Ancient walnut forests linked to languages, trade routes
WEST LAFAYETTE, IN -- If Persian walnut trees could talk, they might tell of the numerous traders who moved along the Silk Roads' thousands of miles over thousands of years, carrying among their valuable merchandise the seeds that would turn into the mighty walnut forests that are spread across Asia.
Purdue University research shows that ancient languages match up with the genetic codes found in Persian walnut (Juglans regia) forests, suggesting that the stands of trees seen today may be remnants of the first planned afforestation known in the world.
In a paper published in the journal PLoS One, Keith Woeste, a research geneticist for the U.S. Department of Agriculture's Forest Service and a Purdue adjunct assistant professor of forestry, found that the evolution of language and spread of walnut forests overlapped over wide swaths of Asia over thousands of years. He believes as traders traversed the Silk Roads, connecting Eastern Europe and Africa with far-East Asia, they purposely planted walnut forests as a long-term agricultural investment.
"It was always assumed that there were wild forests of walnuts, like you'd find wild oak and maple forests here in the U.S.," said Woeste, who published the research with colleagues from the United Kingdom and Italy. "But what we had previously considered to be these wild walnut trees out in the middle of Asia were probably planted there."
Woeste said that while sampling walnut forests from 39 sites across Asia, his team noticed that the word for "walnut" was similar in many languages. That piqued their interest, so when genetic maps of the samples showed uncharacteristic relationships, they started looking at the link between genetics and languages.
If forests spread naturally, scientists would expect that genetic relatedness would spread in more concentric patterns. But Woeste said walnut genetics are related in long bands that spread east and west. For example, Woeste says walnuts in eastern Iran are closely related to walnuts in the Himalayas.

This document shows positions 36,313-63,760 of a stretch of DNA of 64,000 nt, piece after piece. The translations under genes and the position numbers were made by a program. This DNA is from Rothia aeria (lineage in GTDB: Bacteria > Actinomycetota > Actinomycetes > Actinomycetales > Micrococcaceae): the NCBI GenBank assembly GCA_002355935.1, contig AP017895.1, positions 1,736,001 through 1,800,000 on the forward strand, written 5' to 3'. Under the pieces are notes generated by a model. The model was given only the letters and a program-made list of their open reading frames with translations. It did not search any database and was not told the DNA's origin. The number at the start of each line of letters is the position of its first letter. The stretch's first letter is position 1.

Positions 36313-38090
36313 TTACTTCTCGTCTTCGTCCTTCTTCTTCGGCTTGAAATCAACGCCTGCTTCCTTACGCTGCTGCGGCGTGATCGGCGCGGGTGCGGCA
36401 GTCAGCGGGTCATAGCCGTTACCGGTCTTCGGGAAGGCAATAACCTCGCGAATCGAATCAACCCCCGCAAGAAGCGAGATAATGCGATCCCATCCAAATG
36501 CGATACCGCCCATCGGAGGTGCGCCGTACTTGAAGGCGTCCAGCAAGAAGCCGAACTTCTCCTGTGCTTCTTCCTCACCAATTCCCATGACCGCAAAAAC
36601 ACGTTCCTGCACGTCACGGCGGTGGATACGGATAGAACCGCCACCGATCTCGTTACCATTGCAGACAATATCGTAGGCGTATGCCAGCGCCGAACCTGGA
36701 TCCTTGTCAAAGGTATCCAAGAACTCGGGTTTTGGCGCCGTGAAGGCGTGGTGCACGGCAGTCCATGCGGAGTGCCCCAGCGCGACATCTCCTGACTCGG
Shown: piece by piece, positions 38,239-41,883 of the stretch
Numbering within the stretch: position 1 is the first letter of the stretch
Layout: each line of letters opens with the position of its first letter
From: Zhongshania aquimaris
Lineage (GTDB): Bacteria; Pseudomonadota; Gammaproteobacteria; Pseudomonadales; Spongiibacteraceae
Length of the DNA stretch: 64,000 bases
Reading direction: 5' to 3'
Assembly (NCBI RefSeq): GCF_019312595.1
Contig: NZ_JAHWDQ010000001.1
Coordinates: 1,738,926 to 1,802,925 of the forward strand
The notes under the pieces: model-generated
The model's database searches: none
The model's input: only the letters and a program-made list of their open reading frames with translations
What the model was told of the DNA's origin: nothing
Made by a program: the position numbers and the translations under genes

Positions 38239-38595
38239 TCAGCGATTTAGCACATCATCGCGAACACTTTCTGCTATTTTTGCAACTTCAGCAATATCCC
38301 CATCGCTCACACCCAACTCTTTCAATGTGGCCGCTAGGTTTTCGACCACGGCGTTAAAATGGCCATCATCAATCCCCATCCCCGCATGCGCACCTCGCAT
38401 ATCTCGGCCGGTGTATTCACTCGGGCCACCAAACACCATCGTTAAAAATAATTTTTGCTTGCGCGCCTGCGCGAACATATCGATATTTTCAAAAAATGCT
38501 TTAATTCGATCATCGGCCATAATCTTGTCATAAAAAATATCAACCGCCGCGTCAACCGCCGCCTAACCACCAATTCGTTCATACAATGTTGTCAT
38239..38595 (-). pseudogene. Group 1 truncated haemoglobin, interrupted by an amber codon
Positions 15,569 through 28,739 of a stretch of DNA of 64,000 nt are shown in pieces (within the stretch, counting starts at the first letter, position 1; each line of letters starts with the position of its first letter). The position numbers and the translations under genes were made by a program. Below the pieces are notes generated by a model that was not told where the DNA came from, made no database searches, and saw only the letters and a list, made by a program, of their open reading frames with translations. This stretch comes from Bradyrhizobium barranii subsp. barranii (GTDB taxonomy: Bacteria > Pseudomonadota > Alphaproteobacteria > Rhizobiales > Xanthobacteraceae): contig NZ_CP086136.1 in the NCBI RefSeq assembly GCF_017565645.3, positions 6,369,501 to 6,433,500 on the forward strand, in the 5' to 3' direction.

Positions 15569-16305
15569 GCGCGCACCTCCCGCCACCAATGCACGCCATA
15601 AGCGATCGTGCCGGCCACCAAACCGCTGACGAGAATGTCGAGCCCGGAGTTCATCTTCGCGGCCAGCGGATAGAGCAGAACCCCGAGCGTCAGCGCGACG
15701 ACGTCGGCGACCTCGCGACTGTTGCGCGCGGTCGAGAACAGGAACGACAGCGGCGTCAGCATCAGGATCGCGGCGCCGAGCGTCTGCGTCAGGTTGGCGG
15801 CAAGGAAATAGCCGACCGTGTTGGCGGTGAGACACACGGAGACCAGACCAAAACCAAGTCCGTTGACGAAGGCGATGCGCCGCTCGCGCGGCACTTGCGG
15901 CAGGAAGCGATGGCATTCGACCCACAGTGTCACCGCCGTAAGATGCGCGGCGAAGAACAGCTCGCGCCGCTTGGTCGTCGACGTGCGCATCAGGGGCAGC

That suggests to him that traders were carrying walnuts along the Silk Roads. And those traders had likely been keeping walnuts from the best trees, selecting for genes that gave the trees desired characteristics for nuts and wood.
"Humans are always narrowing down genetic diversity to obtain a usable and more valuable crop," Woeste said.
Much like crops evolve, languages also change over time. For instance, Spanish, French and Italian are considered Romance languages, having evolved from Latin. As populations split from each other, their languages changed, making those new languages children of the original.
Having noticed the similarities in the word for "walnut" among several languages, Woeste and his colleagues grouped the languages currently spoken from the places where they sampled walnuts and traced the languages back to their ancestors. They found that the evolution of languages overlapped with the spread of walnut genetics.
Woeste believes this shows that as people moved along the Silk Roads and traded, they specifically selected walnuts and traded them along their routes. Instead of having just a few domestic trees, those who obtained walnuts likely put effort into creating walnut forests that could be used for food and wood.
"The factors that contribute to language being dispersed in Asia are the same as the way walnuts were dispersed," Woeste said. "It was the unique characteristics of walnut being useful for its wood and nuts that encouraged people to transport it, use it and then plant it as a forest as a long-term investment."
The European Community, under the framework of the Seventh Framework Programme under the Marie Curie Actions' Co-funding of Regional, National and International Programmes, called COFUND, supported the research.
The research is available at http://journals.plos.org/plosone/article?id=10.1371/journal.pone.0135980